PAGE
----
The commands shown in Example 1 demonstrate how a workflow prompt (and a Response Group queue) can be included in a new call action. In the first command, the Get-CsRgsQueue cmdlet is used to return an object reference ($queue) to the Response Group queue Help Desk. In the second command, the New-CsRgsPrompt cmdlet is then used to create a new text-to-speech prompt, "Welcome to the help desk. Please hold." This new prompt is stored in a variable named $prompt.

The final command in the example uses New-CsRgsCallAction to create a new Response Group call action ($z). When creating the call action, the object reference $prompt (which contains the newly-created workflow prompt) is used as the value for the Prompt parameter; the object reference $queue is likewise used in conjunction with the QueueID parameter. After running this command, the new call action and its new workflow prompt are ready to be added to a Response Group workflow.

-------------------------- Example 2 ------------------------

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$queue = Get-CsRgsQueue -Identity -Name "Help Desk Queue"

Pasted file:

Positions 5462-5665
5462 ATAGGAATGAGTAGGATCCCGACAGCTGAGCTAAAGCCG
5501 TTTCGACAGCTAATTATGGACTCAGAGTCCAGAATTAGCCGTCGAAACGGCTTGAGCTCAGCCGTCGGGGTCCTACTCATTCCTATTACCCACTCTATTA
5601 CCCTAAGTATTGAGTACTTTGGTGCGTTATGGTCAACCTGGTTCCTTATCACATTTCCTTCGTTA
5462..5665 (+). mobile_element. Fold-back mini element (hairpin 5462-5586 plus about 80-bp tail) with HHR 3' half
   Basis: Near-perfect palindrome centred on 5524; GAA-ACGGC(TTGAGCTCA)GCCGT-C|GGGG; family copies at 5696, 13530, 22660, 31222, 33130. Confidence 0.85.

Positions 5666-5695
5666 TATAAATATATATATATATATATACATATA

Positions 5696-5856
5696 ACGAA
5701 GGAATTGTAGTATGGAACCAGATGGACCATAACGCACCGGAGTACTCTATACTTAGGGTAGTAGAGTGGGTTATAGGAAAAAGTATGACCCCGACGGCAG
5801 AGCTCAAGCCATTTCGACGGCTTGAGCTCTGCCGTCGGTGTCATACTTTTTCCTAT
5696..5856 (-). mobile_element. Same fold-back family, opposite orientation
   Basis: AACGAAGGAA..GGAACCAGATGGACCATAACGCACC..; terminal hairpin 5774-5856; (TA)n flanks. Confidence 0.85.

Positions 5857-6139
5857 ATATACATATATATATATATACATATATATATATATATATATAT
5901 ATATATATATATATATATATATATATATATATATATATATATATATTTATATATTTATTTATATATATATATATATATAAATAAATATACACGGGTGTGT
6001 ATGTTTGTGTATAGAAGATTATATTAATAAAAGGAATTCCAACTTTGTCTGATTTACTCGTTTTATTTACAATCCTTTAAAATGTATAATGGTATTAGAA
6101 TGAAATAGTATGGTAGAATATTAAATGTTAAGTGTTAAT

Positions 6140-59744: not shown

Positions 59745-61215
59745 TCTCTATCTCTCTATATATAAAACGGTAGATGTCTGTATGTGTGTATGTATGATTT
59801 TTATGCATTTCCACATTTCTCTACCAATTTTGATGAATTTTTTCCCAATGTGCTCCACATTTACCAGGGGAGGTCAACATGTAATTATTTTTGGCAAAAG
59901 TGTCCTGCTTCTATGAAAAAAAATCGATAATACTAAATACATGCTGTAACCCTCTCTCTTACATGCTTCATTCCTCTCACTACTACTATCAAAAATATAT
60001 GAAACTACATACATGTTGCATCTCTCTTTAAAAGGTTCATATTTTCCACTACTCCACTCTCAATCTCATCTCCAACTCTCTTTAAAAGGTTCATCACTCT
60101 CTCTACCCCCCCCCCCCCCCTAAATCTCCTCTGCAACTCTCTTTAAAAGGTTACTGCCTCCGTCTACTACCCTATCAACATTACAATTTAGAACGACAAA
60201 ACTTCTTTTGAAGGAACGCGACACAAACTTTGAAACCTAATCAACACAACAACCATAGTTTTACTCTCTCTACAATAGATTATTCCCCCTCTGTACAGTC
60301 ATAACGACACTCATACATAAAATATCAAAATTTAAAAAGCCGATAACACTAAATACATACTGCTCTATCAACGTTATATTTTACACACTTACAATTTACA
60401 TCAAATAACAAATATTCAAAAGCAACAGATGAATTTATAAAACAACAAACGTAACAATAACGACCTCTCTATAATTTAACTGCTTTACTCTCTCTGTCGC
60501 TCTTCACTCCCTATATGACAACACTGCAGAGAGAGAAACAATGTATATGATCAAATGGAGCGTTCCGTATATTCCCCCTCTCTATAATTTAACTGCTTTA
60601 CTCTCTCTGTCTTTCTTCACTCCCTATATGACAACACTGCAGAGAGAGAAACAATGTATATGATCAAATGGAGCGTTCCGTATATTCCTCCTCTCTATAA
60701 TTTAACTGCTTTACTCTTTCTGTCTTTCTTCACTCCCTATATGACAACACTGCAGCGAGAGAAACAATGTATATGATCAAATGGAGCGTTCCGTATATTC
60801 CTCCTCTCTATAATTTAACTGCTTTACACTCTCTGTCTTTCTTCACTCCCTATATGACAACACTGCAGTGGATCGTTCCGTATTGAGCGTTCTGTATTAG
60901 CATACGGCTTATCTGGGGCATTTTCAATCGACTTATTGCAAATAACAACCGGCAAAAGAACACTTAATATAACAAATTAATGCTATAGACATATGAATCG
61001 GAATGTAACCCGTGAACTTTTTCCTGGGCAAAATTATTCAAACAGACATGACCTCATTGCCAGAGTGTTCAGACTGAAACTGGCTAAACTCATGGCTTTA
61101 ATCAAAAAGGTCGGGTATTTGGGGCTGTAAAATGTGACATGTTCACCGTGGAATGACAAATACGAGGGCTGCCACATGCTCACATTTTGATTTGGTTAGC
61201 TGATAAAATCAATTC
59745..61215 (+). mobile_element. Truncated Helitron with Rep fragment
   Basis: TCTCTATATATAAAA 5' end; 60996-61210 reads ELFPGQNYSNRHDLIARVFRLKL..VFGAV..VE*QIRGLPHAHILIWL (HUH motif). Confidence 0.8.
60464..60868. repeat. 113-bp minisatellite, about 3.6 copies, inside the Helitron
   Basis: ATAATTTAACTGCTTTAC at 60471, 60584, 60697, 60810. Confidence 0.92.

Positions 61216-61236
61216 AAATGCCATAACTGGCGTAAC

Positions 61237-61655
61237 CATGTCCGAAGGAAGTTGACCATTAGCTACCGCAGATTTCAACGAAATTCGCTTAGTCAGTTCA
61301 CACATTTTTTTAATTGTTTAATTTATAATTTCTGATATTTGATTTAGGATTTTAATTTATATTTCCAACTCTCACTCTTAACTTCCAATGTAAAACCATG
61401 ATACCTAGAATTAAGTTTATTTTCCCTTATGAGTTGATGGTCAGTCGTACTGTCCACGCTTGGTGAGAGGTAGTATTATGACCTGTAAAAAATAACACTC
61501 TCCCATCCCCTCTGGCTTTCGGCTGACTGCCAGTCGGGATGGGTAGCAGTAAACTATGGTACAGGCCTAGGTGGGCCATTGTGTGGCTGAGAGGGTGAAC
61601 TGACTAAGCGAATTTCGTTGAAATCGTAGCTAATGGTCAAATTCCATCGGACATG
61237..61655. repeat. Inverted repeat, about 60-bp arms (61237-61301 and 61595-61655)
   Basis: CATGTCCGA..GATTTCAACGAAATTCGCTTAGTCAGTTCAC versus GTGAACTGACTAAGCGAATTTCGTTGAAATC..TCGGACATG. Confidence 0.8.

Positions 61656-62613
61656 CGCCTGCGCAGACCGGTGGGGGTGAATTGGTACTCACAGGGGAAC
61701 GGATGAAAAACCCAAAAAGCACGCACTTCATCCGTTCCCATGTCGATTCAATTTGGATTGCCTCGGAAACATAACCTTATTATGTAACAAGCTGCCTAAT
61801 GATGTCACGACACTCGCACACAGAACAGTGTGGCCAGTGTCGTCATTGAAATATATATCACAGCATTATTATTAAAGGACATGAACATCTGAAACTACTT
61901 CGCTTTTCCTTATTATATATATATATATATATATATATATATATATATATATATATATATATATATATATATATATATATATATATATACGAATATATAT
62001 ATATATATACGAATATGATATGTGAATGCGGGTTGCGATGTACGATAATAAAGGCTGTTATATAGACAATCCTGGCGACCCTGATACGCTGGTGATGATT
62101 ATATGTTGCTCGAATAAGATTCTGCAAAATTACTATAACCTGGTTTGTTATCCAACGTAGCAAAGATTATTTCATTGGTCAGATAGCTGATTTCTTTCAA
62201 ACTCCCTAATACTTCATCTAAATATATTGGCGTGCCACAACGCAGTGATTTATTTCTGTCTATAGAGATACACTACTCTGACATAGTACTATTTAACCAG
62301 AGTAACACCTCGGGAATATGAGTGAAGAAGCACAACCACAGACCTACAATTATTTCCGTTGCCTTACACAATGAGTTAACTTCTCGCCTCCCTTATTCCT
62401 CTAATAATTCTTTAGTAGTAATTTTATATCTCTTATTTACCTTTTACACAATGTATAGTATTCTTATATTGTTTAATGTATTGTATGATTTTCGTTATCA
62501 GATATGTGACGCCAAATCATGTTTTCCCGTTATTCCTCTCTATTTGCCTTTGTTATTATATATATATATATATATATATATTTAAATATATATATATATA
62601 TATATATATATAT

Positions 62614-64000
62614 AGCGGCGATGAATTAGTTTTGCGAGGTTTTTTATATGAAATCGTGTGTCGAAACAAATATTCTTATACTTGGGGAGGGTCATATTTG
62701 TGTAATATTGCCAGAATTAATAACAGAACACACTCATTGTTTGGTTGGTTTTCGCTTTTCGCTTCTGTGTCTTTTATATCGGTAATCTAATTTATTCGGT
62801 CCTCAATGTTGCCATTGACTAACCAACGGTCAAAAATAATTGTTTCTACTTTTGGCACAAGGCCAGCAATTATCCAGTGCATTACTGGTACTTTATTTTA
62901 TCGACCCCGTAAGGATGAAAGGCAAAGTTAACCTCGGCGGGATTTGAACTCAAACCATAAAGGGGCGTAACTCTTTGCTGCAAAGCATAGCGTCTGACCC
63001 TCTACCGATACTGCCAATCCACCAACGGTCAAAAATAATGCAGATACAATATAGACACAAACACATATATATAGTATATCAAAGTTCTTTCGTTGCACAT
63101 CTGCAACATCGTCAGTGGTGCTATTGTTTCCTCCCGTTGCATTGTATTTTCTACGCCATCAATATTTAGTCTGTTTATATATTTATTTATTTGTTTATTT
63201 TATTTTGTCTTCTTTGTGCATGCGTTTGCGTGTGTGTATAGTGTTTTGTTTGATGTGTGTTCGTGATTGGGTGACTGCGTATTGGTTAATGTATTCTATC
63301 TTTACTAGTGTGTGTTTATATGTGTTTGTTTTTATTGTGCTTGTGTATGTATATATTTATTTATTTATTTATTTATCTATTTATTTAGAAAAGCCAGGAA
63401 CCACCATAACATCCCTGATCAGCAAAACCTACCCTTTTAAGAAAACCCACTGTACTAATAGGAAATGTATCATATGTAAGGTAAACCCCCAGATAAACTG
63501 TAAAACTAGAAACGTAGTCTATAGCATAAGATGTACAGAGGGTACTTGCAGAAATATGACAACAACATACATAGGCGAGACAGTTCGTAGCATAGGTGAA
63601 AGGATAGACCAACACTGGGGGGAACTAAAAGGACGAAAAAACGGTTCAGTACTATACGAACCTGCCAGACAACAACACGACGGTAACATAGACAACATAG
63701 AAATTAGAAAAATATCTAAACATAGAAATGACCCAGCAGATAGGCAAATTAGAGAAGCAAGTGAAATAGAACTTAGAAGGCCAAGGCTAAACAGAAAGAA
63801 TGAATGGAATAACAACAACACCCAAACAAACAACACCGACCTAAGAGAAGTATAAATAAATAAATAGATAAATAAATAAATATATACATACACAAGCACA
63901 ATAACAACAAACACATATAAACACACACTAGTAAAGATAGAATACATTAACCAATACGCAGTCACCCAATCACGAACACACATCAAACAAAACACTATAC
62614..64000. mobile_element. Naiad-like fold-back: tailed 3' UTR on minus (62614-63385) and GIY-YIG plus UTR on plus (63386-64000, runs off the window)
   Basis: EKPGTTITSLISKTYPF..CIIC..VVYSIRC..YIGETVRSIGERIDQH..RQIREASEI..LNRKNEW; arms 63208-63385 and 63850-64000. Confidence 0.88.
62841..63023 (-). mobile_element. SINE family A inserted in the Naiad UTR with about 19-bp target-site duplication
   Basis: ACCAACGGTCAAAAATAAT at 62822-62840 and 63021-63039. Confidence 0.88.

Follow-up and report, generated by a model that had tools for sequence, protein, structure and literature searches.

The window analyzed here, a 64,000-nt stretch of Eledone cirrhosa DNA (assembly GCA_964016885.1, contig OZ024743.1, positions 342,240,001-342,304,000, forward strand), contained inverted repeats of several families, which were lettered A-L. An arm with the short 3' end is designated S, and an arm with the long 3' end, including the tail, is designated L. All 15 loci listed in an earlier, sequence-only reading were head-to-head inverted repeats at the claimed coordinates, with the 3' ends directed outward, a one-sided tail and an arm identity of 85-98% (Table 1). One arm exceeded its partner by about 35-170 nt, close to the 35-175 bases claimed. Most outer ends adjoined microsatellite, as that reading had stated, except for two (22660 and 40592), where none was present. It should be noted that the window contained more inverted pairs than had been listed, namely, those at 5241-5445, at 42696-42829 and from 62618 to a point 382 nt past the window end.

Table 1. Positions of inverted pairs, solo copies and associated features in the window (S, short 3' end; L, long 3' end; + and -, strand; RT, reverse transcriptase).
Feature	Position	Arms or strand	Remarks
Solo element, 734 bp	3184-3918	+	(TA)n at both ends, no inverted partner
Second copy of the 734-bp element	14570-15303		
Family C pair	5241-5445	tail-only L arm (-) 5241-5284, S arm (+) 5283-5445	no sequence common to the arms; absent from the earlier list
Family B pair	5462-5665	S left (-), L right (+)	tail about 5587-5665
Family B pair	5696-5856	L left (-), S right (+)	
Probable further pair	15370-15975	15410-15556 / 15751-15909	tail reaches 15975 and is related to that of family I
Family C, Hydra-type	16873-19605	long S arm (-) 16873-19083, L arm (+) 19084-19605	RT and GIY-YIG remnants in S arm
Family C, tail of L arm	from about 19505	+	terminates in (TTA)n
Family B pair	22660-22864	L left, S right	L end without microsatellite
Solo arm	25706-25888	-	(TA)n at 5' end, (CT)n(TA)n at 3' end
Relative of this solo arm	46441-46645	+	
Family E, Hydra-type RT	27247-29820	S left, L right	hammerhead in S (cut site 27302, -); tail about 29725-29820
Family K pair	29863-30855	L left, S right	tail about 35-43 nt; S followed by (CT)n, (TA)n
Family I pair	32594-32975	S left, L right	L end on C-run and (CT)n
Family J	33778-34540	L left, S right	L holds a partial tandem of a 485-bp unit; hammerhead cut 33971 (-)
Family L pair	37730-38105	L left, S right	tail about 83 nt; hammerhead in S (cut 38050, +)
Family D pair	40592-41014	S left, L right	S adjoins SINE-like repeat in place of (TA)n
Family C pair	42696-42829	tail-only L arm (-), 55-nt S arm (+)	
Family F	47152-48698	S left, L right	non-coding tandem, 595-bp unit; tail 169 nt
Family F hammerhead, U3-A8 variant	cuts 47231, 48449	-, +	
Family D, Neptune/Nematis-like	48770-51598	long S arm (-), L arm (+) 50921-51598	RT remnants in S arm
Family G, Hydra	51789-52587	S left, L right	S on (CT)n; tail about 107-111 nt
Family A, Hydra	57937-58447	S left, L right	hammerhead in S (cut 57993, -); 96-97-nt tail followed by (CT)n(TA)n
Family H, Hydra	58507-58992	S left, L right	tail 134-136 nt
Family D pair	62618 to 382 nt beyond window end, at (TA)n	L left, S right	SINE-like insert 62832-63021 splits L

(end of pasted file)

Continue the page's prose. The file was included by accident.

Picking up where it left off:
$audioFile = Import-CsRgsAudioFile -Identity "" -FileName "welcome.wav" -Content (Get-Content C:\Media\Welcome.wav -Encoding byte -ReadCount 0)

$prompt = New-CsRgsPrompt -AudioFilePrompt $audioFile -TextToSpeechPrompt "Welcome to the help desk. Please hold."

$z = New-CsRgsCallAction -Prompt $prompt -Action TransferToQueue -QueueID $queue.Identity

The commands shown in Example 2 are a variation of the commands shown in Example 1. In this case, however, the new workflow prompt includes an audio file prompt in addition to a text-to-speech prompt. To include an audio file in a workflow prompt, the second command in the example uses the Import-CsRgsAudioFile cmdlet to import the audio file C:\Media\Welcome.wav. The imported file is then stored in a variable named $audioFile.

After the audio file has been imported, both it and a text-to-speech prompt are added to a new workflow prompt ($prompt). To do this, the AudioFilePrompt parameter is set to $audioFile, and the TextToSpeechPrompt parameter is set to the text value "Welcome to the help desk. Please hold."

See Also